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November 11, 1952 - Image 2

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Publication:
Michigan Daily, 1952-11-11

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THE MICHIGAN DAILY

TUESDAY, NOVEMBER 11, 1950

I ____________________________________________________________________________________________________

TOURS AMERICAN COLLEGES:
Pakistan Student Tells
SL of WSSF Activity

By HARRY LUNN
for Thanks- A student official of the Paki-
egin today, stan World University Service cur-
Jnion staff rently visiting the University told
esterday. the Student Legislature Cabinet
ee of charge yesterday of the effects of Ameri-
offices and can student aid in his country.-
ers in find- Going by the nickname "Sha-
t versa. raf" (his real name is Sahibzada
eve. Shah Sharafuddin Ahmad Faridi),
situated in the 20 year old law student from
quad, Rack- the University of Karachi is tour-
and West ing the nation's colleges on behalf
posts driv- of the World Student Service
cards and Fund, the American affiliate of
ay the cards the World University Service.
ogical order * * *
come first- SHARAF emphasized to the
Cabinet that WSSF is not merely
ber of riders a relief organization, but is pri-
rivers, both marily designed to foster better
ed by the understanding among students in
appropriate various nations.
Pointing out that people in
his country are suspicious of re-
ceiving money from foreign na-
tions because of their exper-
iences with Great Britain, theo
Pakistanian student commenteda
that he had held somewhat theP
same suspicions toward Ameri- 1
1 DOW" can aid until he came in con-
tact with Americans at various
IER conferences and saw their de-.
K" sire for friendship with his na-
tion.t
ESDAY As General Executive Secretary u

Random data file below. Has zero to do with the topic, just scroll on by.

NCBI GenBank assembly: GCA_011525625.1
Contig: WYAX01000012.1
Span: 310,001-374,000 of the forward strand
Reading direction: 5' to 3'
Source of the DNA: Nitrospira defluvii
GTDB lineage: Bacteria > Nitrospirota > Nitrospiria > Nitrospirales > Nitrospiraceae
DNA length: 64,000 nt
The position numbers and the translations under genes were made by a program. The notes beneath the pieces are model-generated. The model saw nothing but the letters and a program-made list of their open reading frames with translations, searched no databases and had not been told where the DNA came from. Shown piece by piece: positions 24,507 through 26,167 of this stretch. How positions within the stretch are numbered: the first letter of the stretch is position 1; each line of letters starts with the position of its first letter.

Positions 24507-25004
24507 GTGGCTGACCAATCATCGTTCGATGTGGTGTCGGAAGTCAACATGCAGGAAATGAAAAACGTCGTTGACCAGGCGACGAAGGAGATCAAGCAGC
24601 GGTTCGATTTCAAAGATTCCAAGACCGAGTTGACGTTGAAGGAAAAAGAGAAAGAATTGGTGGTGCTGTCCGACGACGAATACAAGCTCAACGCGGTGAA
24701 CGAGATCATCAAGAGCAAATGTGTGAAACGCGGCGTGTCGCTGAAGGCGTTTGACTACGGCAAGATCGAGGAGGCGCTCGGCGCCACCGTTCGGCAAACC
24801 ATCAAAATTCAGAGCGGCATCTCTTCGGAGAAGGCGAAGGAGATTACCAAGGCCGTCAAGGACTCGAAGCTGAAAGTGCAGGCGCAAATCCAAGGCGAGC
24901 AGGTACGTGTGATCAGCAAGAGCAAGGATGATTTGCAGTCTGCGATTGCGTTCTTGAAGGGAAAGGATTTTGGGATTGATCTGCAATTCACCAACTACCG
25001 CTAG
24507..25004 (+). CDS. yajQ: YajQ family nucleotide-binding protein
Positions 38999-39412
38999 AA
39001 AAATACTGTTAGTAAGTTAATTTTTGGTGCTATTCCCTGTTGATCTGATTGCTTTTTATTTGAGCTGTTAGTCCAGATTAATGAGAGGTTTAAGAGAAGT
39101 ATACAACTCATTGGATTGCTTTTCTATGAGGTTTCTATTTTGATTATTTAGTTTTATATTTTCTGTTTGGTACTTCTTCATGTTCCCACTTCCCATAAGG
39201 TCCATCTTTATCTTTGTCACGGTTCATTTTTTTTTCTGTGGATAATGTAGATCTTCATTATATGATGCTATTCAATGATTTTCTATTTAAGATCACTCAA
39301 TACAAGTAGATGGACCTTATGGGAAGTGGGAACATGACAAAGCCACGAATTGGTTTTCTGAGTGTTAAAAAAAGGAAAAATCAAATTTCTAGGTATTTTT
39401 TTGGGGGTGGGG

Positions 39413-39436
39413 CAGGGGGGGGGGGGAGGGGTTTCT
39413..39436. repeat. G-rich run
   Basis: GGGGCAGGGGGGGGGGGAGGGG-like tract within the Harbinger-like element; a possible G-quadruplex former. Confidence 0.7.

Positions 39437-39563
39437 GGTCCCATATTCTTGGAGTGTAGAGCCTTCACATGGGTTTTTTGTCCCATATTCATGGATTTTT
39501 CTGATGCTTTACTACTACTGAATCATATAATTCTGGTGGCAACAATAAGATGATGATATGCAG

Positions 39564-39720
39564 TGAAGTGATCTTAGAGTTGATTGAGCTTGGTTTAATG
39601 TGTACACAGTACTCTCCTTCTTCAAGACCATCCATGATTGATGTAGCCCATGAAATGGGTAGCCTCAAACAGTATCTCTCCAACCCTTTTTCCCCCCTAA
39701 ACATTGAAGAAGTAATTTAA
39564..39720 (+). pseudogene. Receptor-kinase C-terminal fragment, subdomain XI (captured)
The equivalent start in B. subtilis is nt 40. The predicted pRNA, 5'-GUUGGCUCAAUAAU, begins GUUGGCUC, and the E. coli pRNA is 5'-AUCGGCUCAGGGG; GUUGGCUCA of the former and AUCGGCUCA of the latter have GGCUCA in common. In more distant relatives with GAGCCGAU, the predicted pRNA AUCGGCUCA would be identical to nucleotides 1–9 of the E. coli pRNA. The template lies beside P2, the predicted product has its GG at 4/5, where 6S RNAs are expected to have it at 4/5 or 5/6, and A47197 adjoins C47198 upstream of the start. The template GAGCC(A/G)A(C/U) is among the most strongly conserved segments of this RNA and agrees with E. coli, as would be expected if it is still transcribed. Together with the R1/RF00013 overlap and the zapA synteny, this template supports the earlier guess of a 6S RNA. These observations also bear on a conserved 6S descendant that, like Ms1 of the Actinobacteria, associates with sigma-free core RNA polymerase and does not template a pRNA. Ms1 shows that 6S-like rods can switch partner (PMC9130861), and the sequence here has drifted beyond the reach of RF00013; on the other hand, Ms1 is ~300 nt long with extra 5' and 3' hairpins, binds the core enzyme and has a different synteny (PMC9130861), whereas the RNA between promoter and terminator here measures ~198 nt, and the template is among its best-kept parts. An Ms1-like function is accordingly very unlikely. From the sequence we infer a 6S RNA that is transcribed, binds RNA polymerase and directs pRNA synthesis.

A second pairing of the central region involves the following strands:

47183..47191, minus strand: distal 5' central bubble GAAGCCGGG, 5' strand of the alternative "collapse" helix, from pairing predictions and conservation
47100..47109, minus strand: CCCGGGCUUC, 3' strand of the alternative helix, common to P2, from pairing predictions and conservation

of the Pakistanian organizationI
Sharaf works with five universi-
ties, devoting his daytime hours to
this activity while going to law
school at night. Like all other
World University Service volun-
teers in his country he receives
no pay.
* *~ *
MIMEOGRAPHING textbooks
and raising funds for a new dor-
mitory at the University of jar-
achi are the two major activities
which the Pakistan group has
gotten underway at the present
time.
' Prohibitive textbook prices led
the group to compile course lec-
ture notes which are supplement-
ed by text references and mimeo-
graphed into textbooks selling for
t ┬░around 50 cents.
An enrollment jump to 8,000
students at the University has re-
.sulted in crowding four or fiven
people into dormitory rooms for-a
merly occupied by one student.
Having received a grant of $6,000
from the World University Ser-v
vice for a new dorm, students ap-,
e proached the Pakistanian govern-V
esu.ts ment and received a free grant of
land and a promise of $12,000.
Students pitched in with pledges a
__________________________________________P_

* * ,..

Tuxen, Danish
Orchestra
To Perform
The Danish National Orchestra
making its first tour of the United
States, will appear at 8:30 p.m.
Thursday in Hill Auditorium.
Touring under the royal patron-
age of H. M. King Frederick IX,
the orchestra will be conducted by
Erik Tuxen who has been heard in
America on a few, occasions as
guest conductor of the Philadel-
phia Orchestra.
For his Ann Arbor concert,
Tuxen has arranged the following
program: Overature to "Euryan-
the" by Weber; Symphony No. 5
by Nielsen; Three Symphonic
Dances by Grieg; and the Suite
from Stravinsky's "The Fire-
Bird."
Tickets for the performance are
on sale at the offices of the Uni-
versity Musical. Society
Three Professors
To Attend Confab
Three members of the Univer-
sity's political science department
are scheduled to participate in the
National Conference on Govern-
ment, conducted by the National
Municipal League, Nov. 17-19 in
San Antonio, Texas.
Profs. Arthur W. Bromage, Dan-
iel S. McHargue, and Harold M.
Dorr are all expected to attend and
address the conference.

FINISHING TOUCHES:
Student Players Complete
'Brigadoon' Stage Scenery

Members of Student Players put
the finishing touches on the stage
set for "Brigadoon" yesterday.
Construction of the background
for the musical tale of a Scotch
village that comes to life for one
day every century took place at
the ROTC rifle range. The stac-
cato crack of rifle shots mingled
with the clinking of hammered
nails as students worked hurriedly
while ROTC marksmen blazed
away on the floor above.
MEANWHILE, other cast mem-
bers toured local bars seeking six
bar stools for one scene in the
show. They were accommodated
by surprised bartenders.
The cast for the Broadway hit
show which opens its four day
run at Lydia Mendelssohn to-
morrow includes Richard Berg-
man, '54E; Art Jones, Grad.;
Don Rosenberg, '54; Henrietta
Hermelin, '55; Marilyn Pefferly,
'55SM and Ethel Atlas, '53.
"The more than 700 people who
have already ordered tickets from
cast members should pick them
up at the Lydia Mendelssohn box
office at least one day before the